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Dark fibre: A data centre manager’s toolkit

Fri 26 Jul 2019 | Rob Coenen

Rob Coenen breaks down the top considerations data centre managers should make before plunging into the dark

Between Q1 2018 and Q1 2019, mobile data traffic surged by 82 percent. That eye-popping number is just the latest increase in an almost parabolic curve of mobile data use since 2013. At the consumer level, recent years have seen an explosion of video streaming. For businesses, demand for data-hungry cloud computing and edge computing applications keeps increasing. And the launch of 5G will enable IoT to scale up.

In other words, demand for data is only going to increase from here.

For data centre managers, that means finding ways to enable the flow of data at high speeds – often on a limited budget. One technology that may make that performance boost possible is dark fibre.

What is dark fibre?

First, some quick background: laying fibre-optic cables underground (and especially under oceans) is expensive. In fact, the fibres themselves account for less than 10 percent of the overall cost of setting up this infrastructure.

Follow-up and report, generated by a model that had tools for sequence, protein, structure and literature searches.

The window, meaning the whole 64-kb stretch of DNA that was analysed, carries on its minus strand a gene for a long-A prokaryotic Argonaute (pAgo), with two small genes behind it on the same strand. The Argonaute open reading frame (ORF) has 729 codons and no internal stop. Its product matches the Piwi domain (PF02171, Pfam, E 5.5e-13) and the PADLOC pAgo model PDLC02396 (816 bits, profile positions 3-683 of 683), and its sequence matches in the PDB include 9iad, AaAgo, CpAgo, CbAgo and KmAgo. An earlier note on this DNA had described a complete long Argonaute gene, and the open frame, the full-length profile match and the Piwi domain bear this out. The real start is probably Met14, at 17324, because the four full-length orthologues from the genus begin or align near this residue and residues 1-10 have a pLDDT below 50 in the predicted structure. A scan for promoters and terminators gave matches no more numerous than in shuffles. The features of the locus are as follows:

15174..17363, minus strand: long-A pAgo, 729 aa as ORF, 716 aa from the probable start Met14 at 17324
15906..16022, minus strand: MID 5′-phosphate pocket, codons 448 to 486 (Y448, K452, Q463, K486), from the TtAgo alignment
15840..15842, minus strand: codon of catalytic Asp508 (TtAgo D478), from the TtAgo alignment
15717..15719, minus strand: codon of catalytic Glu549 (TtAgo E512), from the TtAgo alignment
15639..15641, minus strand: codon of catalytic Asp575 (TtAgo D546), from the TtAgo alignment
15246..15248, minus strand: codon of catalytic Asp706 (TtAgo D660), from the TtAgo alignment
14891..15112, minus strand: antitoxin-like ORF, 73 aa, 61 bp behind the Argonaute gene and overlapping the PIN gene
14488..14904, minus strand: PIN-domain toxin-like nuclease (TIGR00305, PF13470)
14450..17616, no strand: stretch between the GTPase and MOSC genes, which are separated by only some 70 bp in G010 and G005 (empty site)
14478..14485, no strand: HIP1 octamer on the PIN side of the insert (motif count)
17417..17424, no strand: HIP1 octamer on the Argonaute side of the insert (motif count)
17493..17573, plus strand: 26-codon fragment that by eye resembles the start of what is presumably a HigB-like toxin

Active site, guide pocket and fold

So when companies lay fibre-optic cables, they typically put in far more than they need to hedge against future increases in data demand. In practice, this means that, alongside the “lit” fibres that run data around the world, there are many “unlit,” or “dark” fibres that aren’t being used.

An organisation can buy or lease one of these fibres – or even a single wavelength within a fibre – to meet its data connectivity needs. Doing so offers an alternative to paying a commercial internet service provider (ISP) like Comcast or AT&T.

Dark fibre vs. ISPs

So why would an organisation go to the trouble of leasing a dark fibre when ISPs are already established and ready to sell their services? The short answer is that it might not – dark fibre doesn’t always make sense.

But for organisations interested in achieving extremely low latency, superior redundancy, privacy, security, or high growth, dark fibre can be an excellent option. Here’s how.

Because of the volume of traffic they manage, ISPs tend to shift data around before delivering it to its destination. The result is (relatively) high latency. This isn’t typically a problem for home use or even many types of business use, but in applications that demand extremely low latency – like a stock exchange – dark fibre offers a direct connection and therefore superior performance with extremely low latency.

Many businesses have redundant networks set up as part of their disaster recovery / business continuity (DR / BC) plan. But often, different ISPs share the same physical infrastructure. In the event of a natural disaster or even a construction accident that caused one provider to go down, the “backup” provider might go down as well. Dark fibres offer true redundancy, as they are completely separate from the physical infrastructure used by ISPs.